Consensus 2022: Builders, Hodlers, Crypto Bulls Converge

Kyle Kesses
September 2, 2022

A line of demarcation has been forming in the world of cryptocurrency. On one side, speculators and gamblers play the markets only for profit. The tone of their social media posts fluctuates, jubilant when prices soar and fearful when they fall. On the other side is a group of technologists, entrepreneurs, and pragmatic believers. They recognize that while a financial renaissance may be within reach, it won’t be achieved without a sustained and collective effort for years to come. The second group is the one that showed up in droves this weekend.

17,000 people from 105 countries registered for Consensus 2022, the blockchain technology conference that buzzed throughout the 900,000 square foot Austin Convention Center in the capital of Texas.


Hundreds of companies displayed their fresh Web3 products and protocols on the floor of the massive expo center. In the far wing of the building, a series of stages — one of them gaudily dressed up as “The Metaverse Zone” — hosted more than 500 speakers across three days.

Sara Baumann’s street art on East 4th attracted photos and social media posts throughout the week

Joseph Lubin, among the original Ethereum contributors and the founder of Consensys, spoke on Friday afternoon in his measured cadence that’s long been a constant in the industry: “The power of Ethereum has always been the community. [The network] is flipping the trust vector from authorities on down to the base foundation on up.”

Joseph Lubin (right), along with Christine Kim, Dani Osorio, and Preston Van Loon at the Ethereum Merge panel on Friday afternoon at Consensus

Ether, along with the rest of the crypto asset market, has suffered price depreciation this spring, a trend that continued through the weekend, as its market value dropped below $1500 on Saturday night for the first time in more than 15 months. But those who began investing in crypto prior to 2017, many of whom roamed the convention center corridors in Austin, have grown accustomed to these storms.

Sam Bankman-Fried, the founder and CEO of FTX, spoke to close out the Friday session: “While I do think market movement has slowed down the industry, I don’t think it represents cryptocurrency and blockchain as much as it does Fed interest rate movements.”

Historically, some of the most effective product-development has occurred during crypto bear markets. As investment gains wash away and casual investors lose interest (not to mention personal wealth), serious computer programmers and shrewd entrepreneurs refocus on building the tooling and mechanics that fortify blockchain infrastructure and expand its applications.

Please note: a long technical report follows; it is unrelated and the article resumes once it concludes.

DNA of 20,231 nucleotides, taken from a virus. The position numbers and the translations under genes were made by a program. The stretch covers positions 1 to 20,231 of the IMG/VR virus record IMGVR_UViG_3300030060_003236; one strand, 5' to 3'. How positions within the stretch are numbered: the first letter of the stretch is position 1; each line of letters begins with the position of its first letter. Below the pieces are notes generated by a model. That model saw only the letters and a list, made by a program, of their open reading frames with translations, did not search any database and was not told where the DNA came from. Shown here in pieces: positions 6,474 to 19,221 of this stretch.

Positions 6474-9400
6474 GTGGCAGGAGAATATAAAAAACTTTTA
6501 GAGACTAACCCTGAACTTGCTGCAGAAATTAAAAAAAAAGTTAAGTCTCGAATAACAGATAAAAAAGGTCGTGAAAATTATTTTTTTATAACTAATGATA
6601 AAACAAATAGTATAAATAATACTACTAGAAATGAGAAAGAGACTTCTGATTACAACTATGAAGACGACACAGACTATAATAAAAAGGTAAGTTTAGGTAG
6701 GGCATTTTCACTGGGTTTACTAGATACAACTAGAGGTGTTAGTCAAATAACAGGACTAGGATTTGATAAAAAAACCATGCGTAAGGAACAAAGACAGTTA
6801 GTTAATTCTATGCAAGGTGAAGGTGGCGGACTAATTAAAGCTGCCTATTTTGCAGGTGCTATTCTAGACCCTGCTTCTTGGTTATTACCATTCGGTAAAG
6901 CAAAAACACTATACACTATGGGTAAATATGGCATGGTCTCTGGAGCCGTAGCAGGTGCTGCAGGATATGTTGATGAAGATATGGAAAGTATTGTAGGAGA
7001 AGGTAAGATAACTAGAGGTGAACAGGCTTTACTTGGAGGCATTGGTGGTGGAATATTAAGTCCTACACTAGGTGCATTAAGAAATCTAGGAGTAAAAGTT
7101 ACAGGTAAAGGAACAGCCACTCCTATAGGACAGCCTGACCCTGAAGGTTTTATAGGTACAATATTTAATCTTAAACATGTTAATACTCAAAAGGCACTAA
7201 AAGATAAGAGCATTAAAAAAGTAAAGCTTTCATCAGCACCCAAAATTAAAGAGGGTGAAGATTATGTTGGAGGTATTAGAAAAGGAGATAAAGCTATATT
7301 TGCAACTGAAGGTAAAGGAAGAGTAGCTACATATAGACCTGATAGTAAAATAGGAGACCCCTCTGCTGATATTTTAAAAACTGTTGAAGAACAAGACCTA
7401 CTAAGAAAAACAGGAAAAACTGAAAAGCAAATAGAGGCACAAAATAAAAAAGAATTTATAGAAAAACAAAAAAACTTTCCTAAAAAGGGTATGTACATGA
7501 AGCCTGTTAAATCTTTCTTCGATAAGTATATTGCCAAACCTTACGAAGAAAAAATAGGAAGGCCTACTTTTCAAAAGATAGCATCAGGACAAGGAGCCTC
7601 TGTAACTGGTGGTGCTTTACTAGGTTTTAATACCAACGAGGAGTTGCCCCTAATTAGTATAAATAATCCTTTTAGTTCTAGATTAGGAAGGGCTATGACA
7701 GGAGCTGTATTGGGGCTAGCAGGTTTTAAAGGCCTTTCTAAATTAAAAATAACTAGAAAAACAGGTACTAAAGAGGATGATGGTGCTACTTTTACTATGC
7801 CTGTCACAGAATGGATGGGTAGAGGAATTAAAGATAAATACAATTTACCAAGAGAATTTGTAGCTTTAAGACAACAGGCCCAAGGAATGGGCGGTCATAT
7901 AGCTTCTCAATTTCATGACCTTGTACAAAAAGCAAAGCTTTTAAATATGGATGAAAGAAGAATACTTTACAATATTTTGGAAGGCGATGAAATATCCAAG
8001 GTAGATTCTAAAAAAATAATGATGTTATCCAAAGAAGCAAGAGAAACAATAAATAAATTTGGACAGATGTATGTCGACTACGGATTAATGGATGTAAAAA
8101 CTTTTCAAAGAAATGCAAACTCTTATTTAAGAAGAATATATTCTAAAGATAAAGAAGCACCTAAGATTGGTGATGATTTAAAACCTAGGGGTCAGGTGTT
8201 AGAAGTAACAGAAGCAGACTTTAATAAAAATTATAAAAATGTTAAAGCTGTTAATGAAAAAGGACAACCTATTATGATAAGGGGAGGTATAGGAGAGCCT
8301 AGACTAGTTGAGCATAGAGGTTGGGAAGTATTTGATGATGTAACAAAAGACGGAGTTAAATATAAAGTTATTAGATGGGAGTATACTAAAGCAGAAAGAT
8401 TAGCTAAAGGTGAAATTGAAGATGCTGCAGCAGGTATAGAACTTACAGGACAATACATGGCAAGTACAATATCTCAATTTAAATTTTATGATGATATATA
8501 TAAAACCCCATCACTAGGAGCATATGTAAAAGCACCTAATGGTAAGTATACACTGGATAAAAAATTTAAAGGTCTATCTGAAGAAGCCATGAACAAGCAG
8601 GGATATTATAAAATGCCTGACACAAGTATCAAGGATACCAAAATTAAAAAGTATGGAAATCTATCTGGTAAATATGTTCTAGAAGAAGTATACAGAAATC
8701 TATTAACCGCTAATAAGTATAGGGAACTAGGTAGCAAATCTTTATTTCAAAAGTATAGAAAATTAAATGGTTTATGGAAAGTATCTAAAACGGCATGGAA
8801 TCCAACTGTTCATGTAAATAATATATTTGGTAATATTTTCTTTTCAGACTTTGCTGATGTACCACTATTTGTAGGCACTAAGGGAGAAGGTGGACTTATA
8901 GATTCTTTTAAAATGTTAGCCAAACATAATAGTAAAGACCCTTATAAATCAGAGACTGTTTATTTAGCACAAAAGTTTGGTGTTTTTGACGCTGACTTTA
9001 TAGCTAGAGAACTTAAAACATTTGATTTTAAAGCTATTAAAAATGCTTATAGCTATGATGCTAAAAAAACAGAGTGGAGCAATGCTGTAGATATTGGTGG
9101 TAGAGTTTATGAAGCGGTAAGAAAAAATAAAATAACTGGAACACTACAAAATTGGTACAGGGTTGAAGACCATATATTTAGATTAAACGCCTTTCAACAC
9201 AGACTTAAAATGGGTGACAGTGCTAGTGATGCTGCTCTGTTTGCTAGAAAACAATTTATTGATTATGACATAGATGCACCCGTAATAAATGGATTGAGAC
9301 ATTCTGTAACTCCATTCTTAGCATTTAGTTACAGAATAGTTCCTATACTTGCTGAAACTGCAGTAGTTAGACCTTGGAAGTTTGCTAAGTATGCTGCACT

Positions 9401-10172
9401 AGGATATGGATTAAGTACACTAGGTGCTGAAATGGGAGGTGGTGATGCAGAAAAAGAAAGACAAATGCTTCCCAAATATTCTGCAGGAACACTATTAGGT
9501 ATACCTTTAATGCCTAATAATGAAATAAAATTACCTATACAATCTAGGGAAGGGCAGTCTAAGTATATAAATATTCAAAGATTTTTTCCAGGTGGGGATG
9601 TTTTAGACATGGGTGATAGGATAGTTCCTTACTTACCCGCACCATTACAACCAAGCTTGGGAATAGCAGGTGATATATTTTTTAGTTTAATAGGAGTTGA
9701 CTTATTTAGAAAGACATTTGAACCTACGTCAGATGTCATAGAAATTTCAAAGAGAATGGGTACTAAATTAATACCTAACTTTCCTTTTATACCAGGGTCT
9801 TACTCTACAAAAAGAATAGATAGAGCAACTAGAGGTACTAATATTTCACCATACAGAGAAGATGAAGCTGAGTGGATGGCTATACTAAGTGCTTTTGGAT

Increasingly, such efforts are stretching across borders. Dozens of blockchain companies arrived in Austin from across Latin America. Bitso, a leading Latin American crypto exchange based in Mexico City, was among the weekend exhibitors. The quantity of Spanish language conversations inside the convention center invited the question: might Latin America help build Web3 the way India has bolstered Web2?

What Does Snowden Think About All This?

Perhaps even farther east than India, via a live feed from “somewhere in Russia,” Ed Snowden opened up Saturday’s session: “The Long Road to Internet Privacy”, on the main stage. Nearly nine years to the day after he leaked classified information about the NSA’s surveillance practices and then fled the United States, Snowden spoke about Bitcoin and “crypto more broadly.” While he does not advise investing in coins, Snowden remains a cautious advocate for Bitcoin as a technology. He explained how during his 2013 whistleblowing strategy he regularly used the network to communicate with journalists who lacked internet security skills.

Snowden also acknowledged that he anonymously participated in forming the blockchain-based payment network Zcash as far back as 2016, which tried to create a payment system with privacy capabilities superior to Bitcoin’s.

Ed Snowden spoke to hundreds of Consensus-goers via live feed on Saturday morning

Let’s Get Technical

While Snowden spoke mostly in layman’s terms, more technical conversations occurred on the 4th floor, where both NEAR protocol and Filecoin hosted a bevy of talks aimed at engineers looking to shore up their Web3 skills.

NEAR, a growing network written in Rust (the same programming language of Solana and Polkadot), demoed several NFT and DeFi tools, while Filecoin focused on Web3 storage. Stefaan Vervaet, the lead storage provider at Protocol Labs, compared the way corporations adopted cloud storage 10–15 years ago to the way they have and will continue adopting decentralized storage via networks like Filecoin throughout the 2020s.

What Kinda Numbers Are We Talkin’ About?

On the main stage Saturday afternoon, Matthew Roszak of Bloq contextualized the current market downturn.

“There are about 100–150 billion dollars in DeFi today, and these protocols are being put through these stress tests and pressure tests…out in the wild. We need these stress tests if we [eventually] want trillions of dollars to pass through these rails. This is not a one or two year thing. It’s a decades-long crypto ascent.”

-Matthew Roszak, Cofounder & Chairman of Bloq

Matthew Roszak (center) spoke on the main stage about Crypto’s gradual ascension in the world of finance

While the data revealed more market downside over the weekend, the blockchain community did not. Companies showed off their tech, academics flexed their fresh ideas, and engineers of all skill levels shared strategies. Bearish markets may send anonymous investors scurrying for greener pastures, but on this side of the line, progress forges on.